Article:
Self-talk is part of engaging with aging, says 99-year-old Doris Carnevali. She is managing daily life with self-talk and body awareness in old age.
And “self-talk” doesn’t mean just a little pep-talk—it’s a full-blown, full-on morning conference involving numerous body parts. What a way to start the day! Here’s a sample:
- Legs and feet grumble that walking is heavy-footed, steps stiff and much shorter
- balance yells it’s feeling scarily-uncertain
- shoulders say they’re hunching up unless told to lower them. Brain orders them down. . . several times
What can I learn from Doris’s example? I’m a mere 81 and so far I have only few age-related challenges. But from her I know:
- That being aware of what’s happening in my body and mind is crucial.
- That using words to state precisely what’s happening to me is a practical skill, one we can learn.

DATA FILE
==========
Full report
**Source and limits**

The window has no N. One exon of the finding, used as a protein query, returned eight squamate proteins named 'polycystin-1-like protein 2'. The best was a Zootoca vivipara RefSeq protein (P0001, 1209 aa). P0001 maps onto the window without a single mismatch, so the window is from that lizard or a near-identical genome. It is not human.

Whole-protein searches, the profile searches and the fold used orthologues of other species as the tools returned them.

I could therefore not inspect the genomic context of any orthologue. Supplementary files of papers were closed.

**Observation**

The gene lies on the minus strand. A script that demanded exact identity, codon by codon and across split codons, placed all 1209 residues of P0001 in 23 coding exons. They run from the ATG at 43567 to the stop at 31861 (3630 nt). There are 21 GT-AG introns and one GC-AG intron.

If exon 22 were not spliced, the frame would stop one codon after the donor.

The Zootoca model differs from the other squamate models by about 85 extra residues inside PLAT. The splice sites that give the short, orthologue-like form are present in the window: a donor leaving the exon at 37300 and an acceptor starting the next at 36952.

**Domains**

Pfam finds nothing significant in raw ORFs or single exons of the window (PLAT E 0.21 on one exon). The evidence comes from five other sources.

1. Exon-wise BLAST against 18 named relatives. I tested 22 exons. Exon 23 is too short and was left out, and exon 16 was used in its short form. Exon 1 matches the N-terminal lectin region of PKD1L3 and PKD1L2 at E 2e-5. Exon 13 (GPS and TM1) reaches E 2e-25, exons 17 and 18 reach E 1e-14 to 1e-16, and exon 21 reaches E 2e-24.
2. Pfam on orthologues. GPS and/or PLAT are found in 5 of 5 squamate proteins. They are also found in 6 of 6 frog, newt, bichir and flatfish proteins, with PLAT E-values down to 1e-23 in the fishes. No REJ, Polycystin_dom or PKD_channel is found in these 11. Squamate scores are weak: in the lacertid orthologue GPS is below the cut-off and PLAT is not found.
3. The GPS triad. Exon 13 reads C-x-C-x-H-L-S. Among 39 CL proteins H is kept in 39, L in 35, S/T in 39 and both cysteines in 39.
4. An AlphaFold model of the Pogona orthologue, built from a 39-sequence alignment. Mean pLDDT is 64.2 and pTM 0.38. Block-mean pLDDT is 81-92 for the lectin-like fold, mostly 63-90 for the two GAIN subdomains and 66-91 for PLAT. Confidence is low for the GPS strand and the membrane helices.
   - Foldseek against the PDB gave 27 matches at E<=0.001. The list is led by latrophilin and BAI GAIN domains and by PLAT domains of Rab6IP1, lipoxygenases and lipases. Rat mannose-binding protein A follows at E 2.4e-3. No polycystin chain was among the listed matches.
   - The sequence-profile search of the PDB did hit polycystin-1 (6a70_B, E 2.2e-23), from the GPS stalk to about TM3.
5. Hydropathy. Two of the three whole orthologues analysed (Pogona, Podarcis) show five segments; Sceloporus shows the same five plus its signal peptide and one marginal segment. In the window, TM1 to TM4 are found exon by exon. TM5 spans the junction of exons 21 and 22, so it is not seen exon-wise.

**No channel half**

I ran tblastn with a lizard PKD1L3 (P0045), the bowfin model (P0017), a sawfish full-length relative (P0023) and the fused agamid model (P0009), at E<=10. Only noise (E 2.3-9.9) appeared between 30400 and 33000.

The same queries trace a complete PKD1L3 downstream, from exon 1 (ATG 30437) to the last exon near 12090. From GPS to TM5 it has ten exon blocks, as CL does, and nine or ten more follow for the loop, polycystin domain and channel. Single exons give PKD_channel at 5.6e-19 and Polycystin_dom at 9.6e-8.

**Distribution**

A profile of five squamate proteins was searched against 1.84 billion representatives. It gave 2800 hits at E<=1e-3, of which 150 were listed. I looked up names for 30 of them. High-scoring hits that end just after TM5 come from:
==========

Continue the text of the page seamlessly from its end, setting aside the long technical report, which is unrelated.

- That self-talk will help me to manage my daily life as I grow older.
- That actively using these skills will boost my confidence and sense of control.
Mrs Carnevali has now been engaging with aging—consciously, explicitly, and practically—for quite some time. On her weekly blog she explains how she tackles the business of everyday living, with all the many complications that arise as a result of her age. It’s not that she is ill: on the contrary, she is not affected by any disease. It’s just that growing old produces multiple changes in our bodies, minds and spirit. (I think you knew that, right?)
Get the full story on Doris’s blog, Engaging with Aging. Find out how she uses self-talk and body-awareness to manage her life in extreme old age.
Inspire and encourage your loved ones as they grow old
Give them an edited selection of posts from Engaging With Aging, the blog (Kindle). (And please pretty please write a tiny review…)